PURI, THE SEAT of Lord Jagannath, failed to make itself a prime ministerial seat. Narendra Modi had thought of contesting there, but gave up the idea later. Yet, Puri remains one of Odisha's prime seats.
The two principal candidates of Puri are studies in contrast. Fighting for a fourth term there is the BJD's soft-spoken Pinaki Misra, scion of one of India's most illustrious judicial families which has given two chief justices to India. He had won the seat in 1996, 2009 and 2014. Pitted against him is the BJP's most acerbic spokesman, Sambit Patra.
Misra's grandfather Godabarish Misra was one of the founders of the Congress in Odisha. His father, Lokanath Misra, had veered away from the Congress to join C. Rajagopalachari's Swatantra Party and then the Janata Party. His uncle Ranganath Misra was chief justice of India and also a Congress MP later. Another uncle Raghunath Misra (father of former chief justice of India Dipak Misra) was a Congress MLA.
Misra is least perturbed by the bursts of the Patra pataka. Asked if he would have to change his campaign style, Misra smiled and said, “It is Patra who has changed. Listen to him in Puri; he is quite subdued here. He has realised that demagogy and violent language do not work here.”
All the same, Patra, born to an Odia family in Jharkhand, did kick up a controversy when he carried a statuette of Lord Jagannath on his campaign vehicle. Traditionalists decried it saying that the lord is taken out only during the annual chariot festival.
Interestingly, both candidates are not talking much about local issues. “That is because of two reasons,” said a Congress functionary who admits that the party is resigned to being a poor third in most of Odisha. “One, both candidates are big men in their parties. Secondly, there are not many politically-yielding local issues in Puri.” Satya Prakash Nayak, a former primetime news anchor, is the Congress candidate in the seat.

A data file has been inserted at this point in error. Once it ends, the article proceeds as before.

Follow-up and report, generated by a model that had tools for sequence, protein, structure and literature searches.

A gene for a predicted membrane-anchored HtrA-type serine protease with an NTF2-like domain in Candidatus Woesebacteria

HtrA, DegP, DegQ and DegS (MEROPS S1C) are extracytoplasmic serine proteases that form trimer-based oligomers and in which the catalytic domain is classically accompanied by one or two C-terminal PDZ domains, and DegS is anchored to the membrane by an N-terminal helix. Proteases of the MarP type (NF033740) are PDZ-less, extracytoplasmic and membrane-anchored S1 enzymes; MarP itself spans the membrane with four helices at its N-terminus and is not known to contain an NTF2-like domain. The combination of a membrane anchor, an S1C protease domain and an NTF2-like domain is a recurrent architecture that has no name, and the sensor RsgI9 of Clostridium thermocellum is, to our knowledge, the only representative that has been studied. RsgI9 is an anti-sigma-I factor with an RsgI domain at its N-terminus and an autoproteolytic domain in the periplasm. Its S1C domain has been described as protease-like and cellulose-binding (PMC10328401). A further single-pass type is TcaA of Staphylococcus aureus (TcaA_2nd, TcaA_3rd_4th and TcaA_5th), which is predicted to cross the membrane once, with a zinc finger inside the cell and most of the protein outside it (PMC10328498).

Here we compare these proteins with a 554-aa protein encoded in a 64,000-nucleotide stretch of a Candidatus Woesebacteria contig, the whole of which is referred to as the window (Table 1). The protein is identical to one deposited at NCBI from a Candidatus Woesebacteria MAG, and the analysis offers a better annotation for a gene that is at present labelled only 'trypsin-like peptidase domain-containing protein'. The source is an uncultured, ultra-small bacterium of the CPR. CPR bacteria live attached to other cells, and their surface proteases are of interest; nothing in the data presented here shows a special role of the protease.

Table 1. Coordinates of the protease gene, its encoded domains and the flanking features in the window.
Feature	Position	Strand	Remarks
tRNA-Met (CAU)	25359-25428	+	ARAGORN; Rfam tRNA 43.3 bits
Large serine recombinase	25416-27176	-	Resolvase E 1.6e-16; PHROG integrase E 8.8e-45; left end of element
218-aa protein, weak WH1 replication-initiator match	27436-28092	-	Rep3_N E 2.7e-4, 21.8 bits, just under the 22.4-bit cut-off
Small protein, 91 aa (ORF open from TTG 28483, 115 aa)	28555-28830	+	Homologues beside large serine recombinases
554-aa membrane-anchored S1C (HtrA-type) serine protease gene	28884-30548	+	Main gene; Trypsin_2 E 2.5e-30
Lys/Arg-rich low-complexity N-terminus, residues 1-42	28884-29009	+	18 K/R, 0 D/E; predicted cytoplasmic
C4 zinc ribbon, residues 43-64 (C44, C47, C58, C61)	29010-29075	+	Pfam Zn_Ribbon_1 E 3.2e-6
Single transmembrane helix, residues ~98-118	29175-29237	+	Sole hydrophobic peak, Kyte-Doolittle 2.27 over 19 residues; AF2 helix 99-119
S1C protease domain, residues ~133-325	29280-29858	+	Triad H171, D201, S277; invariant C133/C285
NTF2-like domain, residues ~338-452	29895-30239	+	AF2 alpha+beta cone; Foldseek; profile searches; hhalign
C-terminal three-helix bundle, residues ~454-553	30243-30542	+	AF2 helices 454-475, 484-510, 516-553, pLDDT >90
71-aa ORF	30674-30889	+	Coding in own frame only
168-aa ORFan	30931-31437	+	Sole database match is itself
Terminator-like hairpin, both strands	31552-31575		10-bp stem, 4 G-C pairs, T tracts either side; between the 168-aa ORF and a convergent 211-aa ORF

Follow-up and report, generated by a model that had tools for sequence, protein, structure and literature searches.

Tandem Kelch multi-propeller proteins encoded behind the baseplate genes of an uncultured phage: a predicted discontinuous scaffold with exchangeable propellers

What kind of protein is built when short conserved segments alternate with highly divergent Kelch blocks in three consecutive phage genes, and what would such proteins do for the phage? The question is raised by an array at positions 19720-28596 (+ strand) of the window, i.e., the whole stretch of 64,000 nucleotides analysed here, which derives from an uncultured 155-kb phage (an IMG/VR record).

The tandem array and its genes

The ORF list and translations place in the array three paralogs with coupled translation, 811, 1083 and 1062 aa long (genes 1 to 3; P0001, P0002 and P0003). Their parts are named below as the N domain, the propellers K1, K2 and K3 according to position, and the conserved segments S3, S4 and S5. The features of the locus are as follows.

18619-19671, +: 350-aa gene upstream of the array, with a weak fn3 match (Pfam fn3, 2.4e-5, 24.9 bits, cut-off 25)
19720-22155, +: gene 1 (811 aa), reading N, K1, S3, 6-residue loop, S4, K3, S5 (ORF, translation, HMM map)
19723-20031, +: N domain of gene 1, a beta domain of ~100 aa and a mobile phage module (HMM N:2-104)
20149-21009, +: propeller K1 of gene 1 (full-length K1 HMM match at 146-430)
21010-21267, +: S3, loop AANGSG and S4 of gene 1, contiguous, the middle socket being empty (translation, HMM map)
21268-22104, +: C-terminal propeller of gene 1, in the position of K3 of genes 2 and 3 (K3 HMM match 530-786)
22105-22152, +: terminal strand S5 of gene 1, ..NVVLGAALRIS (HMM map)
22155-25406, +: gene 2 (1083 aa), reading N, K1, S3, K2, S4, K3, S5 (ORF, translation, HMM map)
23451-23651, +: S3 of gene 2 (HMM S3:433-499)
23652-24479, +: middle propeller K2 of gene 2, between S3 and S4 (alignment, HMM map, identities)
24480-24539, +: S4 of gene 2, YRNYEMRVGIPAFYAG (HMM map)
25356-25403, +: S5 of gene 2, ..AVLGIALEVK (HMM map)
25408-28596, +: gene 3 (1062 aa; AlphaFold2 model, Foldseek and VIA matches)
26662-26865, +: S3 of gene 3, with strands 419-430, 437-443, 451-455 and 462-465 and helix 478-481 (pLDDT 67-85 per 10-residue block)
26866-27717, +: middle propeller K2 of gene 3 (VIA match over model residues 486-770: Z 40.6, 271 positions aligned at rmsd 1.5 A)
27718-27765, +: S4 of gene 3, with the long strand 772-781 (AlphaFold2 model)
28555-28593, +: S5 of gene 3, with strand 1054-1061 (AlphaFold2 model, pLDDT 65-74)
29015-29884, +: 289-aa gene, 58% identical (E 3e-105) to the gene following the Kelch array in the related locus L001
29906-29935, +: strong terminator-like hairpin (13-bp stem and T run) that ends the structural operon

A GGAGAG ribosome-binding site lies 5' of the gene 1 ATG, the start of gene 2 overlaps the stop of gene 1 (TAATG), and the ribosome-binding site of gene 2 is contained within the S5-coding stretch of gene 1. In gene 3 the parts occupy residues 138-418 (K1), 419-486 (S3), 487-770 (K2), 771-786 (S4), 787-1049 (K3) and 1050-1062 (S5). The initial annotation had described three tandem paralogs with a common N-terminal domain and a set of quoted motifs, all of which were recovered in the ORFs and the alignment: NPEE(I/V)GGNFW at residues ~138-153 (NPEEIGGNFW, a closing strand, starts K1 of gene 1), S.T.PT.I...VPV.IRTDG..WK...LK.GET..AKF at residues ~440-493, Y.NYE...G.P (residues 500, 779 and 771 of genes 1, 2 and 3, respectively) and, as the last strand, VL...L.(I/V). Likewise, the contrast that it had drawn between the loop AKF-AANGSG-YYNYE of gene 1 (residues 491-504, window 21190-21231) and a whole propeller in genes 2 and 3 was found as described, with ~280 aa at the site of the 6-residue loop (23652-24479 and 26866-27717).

Patra is banking on the Modi wave. He got Amit Shah to launch a road show in Puri. He is seeking votes on the BJP's national issues such as national security. But, Misra dismisses those as conflict-kindling issues. “We Odisha people are not violent; there is perfect communal peace here,” he said.
Misra is relying on the goodwill that he and his party enjoy. “I have done quiet work here, and that is there for everyone to see,” he said. “But, apart from that, there is tremendous goodwill for our party, which has been launching several welfare schemes. There are eight to ten flagship programmes that have been implemented, such as free cycles and laptops for students, cheap canteens, and so on.”
Patra would not agree. “The state is rich in resources, but the people are poor,” he said. “We want to channelise the resources for the development of the state and the people. The buzzword here is parivartan.”
Patra says that Misra has not raised Puri's issues in Parliament. Misra shrugs it away saying Patra has no idea of what he has been doing in Parliament or in Puri.
Puri has now to decide how it wants to be heard in the Lok Sabha —quietly or loudly.